Berlin — Publish Hitler’s infamous memoir “Mein Kampf” in Germany? It sounds like the ultimate taboo.
But a group of German historians is lobbying to do just that, arguing that it’s necessary to get an authoritative annotated edition ready for bookshops by the time the copyright runs out in 2015, opening the way for neo-Nazi groups to publish their own versions.
The memoir has been under a de facto publishing ban in Germany since the end of World War II, with the government body that holds the rights refusing to let anybody print it.
Bavaria’s Finance Ministry has rejected proposals by Munich’s Institute for Contemporary History to publish the tome, but there has been growing support for the idea. This week, the state’s science minister emerged as an energetic backer of printing a critical edition.
“Once Bavaria’s copyright expires, there is the danger of charlatans and neo-Nazis appropriating this infamous book for themselves,” Wolfgang Heubisch said Thursday.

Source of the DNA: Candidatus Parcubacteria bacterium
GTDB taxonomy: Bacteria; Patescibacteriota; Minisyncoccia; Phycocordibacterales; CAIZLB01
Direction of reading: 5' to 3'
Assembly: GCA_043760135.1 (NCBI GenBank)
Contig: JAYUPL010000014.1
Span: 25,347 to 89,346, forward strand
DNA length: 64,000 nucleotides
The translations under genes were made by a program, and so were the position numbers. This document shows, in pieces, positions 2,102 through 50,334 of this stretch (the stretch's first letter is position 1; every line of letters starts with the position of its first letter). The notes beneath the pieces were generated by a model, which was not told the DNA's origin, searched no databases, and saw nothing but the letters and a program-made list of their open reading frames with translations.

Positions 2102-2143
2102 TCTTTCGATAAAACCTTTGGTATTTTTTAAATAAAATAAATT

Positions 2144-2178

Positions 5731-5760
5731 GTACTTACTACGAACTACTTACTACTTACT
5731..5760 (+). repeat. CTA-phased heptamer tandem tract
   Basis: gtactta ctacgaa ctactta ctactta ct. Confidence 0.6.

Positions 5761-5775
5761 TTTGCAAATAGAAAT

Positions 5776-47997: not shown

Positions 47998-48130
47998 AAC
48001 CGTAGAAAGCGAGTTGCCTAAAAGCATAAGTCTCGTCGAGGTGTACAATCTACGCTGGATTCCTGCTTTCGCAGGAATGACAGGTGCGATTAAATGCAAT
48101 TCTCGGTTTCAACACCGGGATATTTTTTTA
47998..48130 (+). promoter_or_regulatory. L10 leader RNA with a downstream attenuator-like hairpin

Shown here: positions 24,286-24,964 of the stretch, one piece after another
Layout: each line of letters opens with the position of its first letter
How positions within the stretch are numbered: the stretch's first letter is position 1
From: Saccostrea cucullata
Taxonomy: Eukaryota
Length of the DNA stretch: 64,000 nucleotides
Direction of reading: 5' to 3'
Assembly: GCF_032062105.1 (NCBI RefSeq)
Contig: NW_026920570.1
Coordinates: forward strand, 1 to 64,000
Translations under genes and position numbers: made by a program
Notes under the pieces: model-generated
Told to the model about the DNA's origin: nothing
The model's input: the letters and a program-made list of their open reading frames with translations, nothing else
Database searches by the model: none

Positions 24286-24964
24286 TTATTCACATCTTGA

Edith Raim, a historian at the Munich institute, envisions a thorough, academic presentation that places Hitler’s work in historical context. She says that would be the best defense against those who might want to use the book to advance racist or anti-Semitic agendas.
Widely available in the English-speaking world, the book has never been reprinted in Germany since World War II. While possession is not illegal, resale of old copies is tightly regulated, essentially limited to research purposes.